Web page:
The Birthstrike Movement: A selfless act or a step too far?

An exploration into the group who have pledged not to reproduce until the climate crisis has been addressed

Some quit school for the day and take to the streets to protest, while some simply invest in a stylish keep cup. With the ecological crisis coming fast down the line, how far will people go to combat climate change? What kind of lifestyle choices are people willing to make? The Birthstrike movement was founded in early 2019 by Blythe Pepino. It is a group that have pledged not to have children until the climate and ecological crisis is addressed. It originally began on Facebook and now has pages on numerous social media sites, such as Instagram and Tumblr.

“The uncertainty surrounding the quality of life of any potential future children has led Laura to decide against “bringing a child into a world that’s continuing down such a self-destructive path.”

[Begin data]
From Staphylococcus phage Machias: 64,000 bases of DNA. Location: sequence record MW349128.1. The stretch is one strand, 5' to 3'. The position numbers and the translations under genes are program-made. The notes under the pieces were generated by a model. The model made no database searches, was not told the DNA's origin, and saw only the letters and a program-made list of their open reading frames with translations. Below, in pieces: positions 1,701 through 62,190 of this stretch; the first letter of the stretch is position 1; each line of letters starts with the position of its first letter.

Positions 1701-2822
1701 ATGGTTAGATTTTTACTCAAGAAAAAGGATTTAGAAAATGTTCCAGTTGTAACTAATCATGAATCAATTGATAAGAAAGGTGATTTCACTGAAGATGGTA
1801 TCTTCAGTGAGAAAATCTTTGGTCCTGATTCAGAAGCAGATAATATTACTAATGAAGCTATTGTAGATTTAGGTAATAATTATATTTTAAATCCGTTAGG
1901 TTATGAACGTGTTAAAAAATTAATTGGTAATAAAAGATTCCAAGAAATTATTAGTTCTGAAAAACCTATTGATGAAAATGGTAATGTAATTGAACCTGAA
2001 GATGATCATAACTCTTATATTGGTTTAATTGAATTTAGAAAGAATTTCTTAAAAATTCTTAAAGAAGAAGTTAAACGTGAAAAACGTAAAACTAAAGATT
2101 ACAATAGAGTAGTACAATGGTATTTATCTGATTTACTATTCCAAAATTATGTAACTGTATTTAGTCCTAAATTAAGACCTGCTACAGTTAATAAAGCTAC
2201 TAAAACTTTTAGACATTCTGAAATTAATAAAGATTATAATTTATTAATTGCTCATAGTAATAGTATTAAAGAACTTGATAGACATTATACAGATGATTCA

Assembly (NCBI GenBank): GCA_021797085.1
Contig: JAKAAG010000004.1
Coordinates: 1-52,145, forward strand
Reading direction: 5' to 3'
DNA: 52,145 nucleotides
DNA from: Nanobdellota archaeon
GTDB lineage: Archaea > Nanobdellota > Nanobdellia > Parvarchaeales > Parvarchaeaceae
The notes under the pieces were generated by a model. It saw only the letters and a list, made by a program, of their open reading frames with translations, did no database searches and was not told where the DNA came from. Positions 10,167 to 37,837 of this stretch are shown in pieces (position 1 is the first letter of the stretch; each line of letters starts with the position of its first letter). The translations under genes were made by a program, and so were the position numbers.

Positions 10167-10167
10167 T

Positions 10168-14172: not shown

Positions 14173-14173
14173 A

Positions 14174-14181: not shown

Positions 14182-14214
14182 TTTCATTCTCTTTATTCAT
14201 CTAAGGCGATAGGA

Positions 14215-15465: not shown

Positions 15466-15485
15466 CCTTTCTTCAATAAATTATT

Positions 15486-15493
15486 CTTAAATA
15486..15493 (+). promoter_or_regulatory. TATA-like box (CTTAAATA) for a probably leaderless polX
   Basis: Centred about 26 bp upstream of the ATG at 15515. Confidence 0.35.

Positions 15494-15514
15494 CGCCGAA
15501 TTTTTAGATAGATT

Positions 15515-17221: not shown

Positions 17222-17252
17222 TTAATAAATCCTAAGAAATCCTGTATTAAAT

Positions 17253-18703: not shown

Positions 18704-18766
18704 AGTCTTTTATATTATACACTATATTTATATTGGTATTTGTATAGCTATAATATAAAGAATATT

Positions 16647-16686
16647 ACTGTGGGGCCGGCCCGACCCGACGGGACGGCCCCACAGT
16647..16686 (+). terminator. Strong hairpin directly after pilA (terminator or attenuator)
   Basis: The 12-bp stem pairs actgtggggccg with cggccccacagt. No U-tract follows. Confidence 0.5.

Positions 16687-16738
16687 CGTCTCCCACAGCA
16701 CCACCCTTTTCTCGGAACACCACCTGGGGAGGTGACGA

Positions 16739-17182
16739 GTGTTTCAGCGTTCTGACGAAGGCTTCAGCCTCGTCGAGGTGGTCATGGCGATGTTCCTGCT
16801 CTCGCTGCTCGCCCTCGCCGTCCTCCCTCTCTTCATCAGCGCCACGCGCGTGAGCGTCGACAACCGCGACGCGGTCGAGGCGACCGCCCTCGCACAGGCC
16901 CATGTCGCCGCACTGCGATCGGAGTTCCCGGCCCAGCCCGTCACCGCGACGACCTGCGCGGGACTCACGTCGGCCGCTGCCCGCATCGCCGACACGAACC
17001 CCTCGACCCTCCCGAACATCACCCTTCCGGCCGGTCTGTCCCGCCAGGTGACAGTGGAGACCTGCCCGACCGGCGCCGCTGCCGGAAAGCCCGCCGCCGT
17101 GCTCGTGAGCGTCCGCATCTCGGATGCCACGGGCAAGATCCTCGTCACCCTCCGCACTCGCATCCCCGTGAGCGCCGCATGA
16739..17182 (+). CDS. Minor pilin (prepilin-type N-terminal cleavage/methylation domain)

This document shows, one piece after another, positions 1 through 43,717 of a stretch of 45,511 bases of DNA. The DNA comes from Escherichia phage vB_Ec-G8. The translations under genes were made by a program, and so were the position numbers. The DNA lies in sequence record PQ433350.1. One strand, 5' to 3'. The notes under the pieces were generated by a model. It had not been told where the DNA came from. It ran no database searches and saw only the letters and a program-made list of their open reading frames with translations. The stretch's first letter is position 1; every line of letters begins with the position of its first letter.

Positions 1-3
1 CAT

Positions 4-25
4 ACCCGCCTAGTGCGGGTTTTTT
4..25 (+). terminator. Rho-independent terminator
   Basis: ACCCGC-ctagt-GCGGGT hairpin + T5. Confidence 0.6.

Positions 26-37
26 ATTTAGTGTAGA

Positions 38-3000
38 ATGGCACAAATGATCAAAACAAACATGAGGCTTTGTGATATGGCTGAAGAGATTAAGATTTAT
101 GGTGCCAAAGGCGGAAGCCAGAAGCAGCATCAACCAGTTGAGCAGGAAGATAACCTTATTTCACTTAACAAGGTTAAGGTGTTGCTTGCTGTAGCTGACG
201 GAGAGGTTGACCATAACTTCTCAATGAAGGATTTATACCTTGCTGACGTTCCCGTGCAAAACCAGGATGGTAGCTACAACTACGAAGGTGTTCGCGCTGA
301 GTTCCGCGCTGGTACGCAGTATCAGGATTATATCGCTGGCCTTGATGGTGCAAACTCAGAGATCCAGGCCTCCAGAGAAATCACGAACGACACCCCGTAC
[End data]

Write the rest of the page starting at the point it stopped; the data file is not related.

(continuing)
Laura Kehoe, from Castleknock, is currently a conservation scientist at Oxford University. She and her husband discovered the Birthstrike movement through her involvement with Extinction Rebellion. She found that the ideas of the movement aligned with their previous decision not to have children due to concerns about their welfare in such a tumultuous environmental period for the earth. She describes how our global food system is “very susceptible to large-scale shocks and food shortages”. She expresses her concern that “based on thousands of scientific studies, we aren’t taking anywhere close to the action needed to avert a complete crisis”. Indeed, the severity of the situation is personally being felt by Laura, whose father-in-law saw his entire corn crop fail last year because of extremely heavy rainfall. The uncertainty surrounding the quality of life of any potential future children has led Laura to decide against “bringing a child into a world that’s continuing down such a self-destructive path”.